Kissing Day




Remember your first kiss, or your most romantic kiss? If you enjoy kissing and would like to find out more about kisses, what they mean and International Kissing Day, we have all the information here. Just click on the titles of interest and enjoy the read!

6 July: International Kissing Day



Do you enjoy kissing? So let's get to it! 6 July is International Kissing Day, an event that developed in 1990 out of the UK-based National Kissing Day, which came about because of a belief that many people had forgotten the simple pleasure to be had in kissing for kissing's sake. So, let's kiss! And if the weather's good, why not combine the kissing festival with an outdoor party?

Talking of kissing: the word we know today evolved out of the Central German and Old High German "kus", the Old English "cos" and the Old French term "koss". In a dream, a kiss may symbolise a craving for love, affection and union. A kiss on the mouth (i.e. on the organ of speech) may also indicate a desire to talk with, or be reconciled with, the other person in the dream. In real life, tender, affectionate, passionate kisses are an elixir of life! No wonder Sleeping Beauty awakens from her deep slumbers when kissed by a prince!

You can't have kisses delivered – flowers, yes! Visit the shop HERE.


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Survey: romantic kisses with passion and fireworks



When we asked you about your most romantic kiss, you told us that kissing can be all that one hopes of such a delightful experience: romantic, breathless, emotional. In a nutshell: an elementary force. But read it for yourself:

"My first and most romantic kiss was with my 'not-yet-wife' when I was 17. It was a real beginner's kiss, but wow, what a kiss! With crackers, sparks and fireworks … and so incredibly tender. It's still there, engraved on my mind, even though my wife passed away 15 years ago." 

Here's another marvellous reply: "The kiss itself isn't the most romantic thing, but rather the instant when lips meet and you feel the warmth of your partner's lips. You nose gently brushes against his, your eyes begin to close … well, you know what happens next ... there you are, kissing him. It's like a rebirth every time! As though one were able to touch heaven with a finger. All kisses can be romantic, some more than others. The trick is to make the final instant last as long as possible. If only such moments could last forever!" Poetic, no?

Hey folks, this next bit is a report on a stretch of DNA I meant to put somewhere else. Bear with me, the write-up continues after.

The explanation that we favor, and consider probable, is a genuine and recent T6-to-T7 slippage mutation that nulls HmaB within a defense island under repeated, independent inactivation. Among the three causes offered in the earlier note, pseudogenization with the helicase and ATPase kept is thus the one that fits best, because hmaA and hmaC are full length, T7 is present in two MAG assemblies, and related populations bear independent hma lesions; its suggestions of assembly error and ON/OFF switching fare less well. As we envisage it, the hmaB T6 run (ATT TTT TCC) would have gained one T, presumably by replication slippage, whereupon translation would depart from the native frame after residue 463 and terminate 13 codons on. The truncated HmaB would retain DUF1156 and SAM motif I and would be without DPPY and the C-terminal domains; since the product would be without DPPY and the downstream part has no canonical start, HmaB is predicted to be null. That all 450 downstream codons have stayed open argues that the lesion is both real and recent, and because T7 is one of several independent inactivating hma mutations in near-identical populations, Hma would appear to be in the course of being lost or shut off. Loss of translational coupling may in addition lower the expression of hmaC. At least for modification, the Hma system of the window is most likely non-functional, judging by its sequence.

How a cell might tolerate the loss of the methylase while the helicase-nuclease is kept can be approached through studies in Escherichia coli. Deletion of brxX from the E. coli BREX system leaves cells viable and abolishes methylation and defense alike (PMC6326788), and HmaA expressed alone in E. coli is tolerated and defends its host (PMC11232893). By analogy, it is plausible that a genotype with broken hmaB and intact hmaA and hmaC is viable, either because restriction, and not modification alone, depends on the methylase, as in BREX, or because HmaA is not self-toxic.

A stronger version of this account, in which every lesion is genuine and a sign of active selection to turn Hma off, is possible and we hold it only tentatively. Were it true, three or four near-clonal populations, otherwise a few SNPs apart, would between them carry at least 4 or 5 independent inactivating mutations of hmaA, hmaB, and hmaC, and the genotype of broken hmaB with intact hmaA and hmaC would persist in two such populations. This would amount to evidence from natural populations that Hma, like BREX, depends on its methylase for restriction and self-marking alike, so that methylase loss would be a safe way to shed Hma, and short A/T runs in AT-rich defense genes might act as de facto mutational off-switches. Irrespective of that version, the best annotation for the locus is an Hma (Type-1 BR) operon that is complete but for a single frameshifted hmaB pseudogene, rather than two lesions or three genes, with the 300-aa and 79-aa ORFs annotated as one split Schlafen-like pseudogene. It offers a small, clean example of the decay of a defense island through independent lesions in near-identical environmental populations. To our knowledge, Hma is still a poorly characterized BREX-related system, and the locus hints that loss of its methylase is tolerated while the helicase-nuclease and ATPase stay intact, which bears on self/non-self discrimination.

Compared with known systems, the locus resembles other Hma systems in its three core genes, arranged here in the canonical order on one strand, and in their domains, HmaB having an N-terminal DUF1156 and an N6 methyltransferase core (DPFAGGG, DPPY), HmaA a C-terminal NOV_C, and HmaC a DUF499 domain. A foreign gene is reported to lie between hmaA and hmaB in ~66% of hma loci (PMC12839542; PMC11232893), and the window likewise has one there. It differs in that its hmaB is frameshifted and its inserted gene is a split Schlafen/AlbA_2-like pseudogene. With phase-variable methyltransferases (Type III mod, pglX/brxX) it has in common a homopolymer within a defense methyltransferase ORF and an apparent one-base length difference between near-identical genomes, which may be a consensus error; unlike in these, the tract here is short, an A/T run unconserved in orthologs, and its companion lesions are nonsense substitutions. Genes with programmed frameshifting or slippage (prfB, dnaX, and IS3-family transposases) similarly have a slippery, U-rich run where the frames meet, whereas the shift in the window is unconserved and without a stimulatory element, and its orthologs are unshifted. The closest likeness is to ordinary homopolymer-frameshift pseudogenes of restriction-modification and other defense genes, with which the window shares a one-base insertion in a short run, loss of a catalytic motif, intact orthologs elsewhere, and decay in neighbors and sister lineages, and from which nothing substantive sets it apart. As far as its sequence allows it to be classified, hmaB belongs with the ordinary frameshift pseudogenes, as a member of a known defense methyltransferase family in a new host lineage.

Flowers are also romantic. Visit the shop HERE.


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Facts: all about kisses, pecks, smackers & Co.



Honestly now: how often do you enjoy a kiss? More often than you think, probably. Not always out of love, of course, but also out of feelings of friendship, affection, habit, sympathy and, well, just because. We live in a kissy-kissy culture and those kisses add up pretty quickly! The only doubt is whether one starts with the right or left cheek, and whether one should dispense two or three kisses. Scientists have come up with an answer to the first question, at least – it turns out that when kissing, two-thirds of people tend to turn their head to the right. Other results of scientific research into kissing: over a period of 70 years, the average person spends more than 76 days engaged in kissing! Also, erotic kisses appear to provide an indication of whether your lover might be a partner for life: if the chemical messengers fit, then both immune systems also apparently fit and the two individuals find each other attractive. Last but by no means least, scientists tell us that a kissing couple experience a mental connection that promotes feelings of happiness. So it seems that flowers and kisses have a lot in common! Both make us feel happy, say more than words and pass the message in a language that we can all understand.

Say it with flowers! See our suggestions HERE


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Of kissing customs, letters and door locks



Kuss SonnenuntergangBurg TüreBuch Schloss Schlüssel
An Exquisite Dream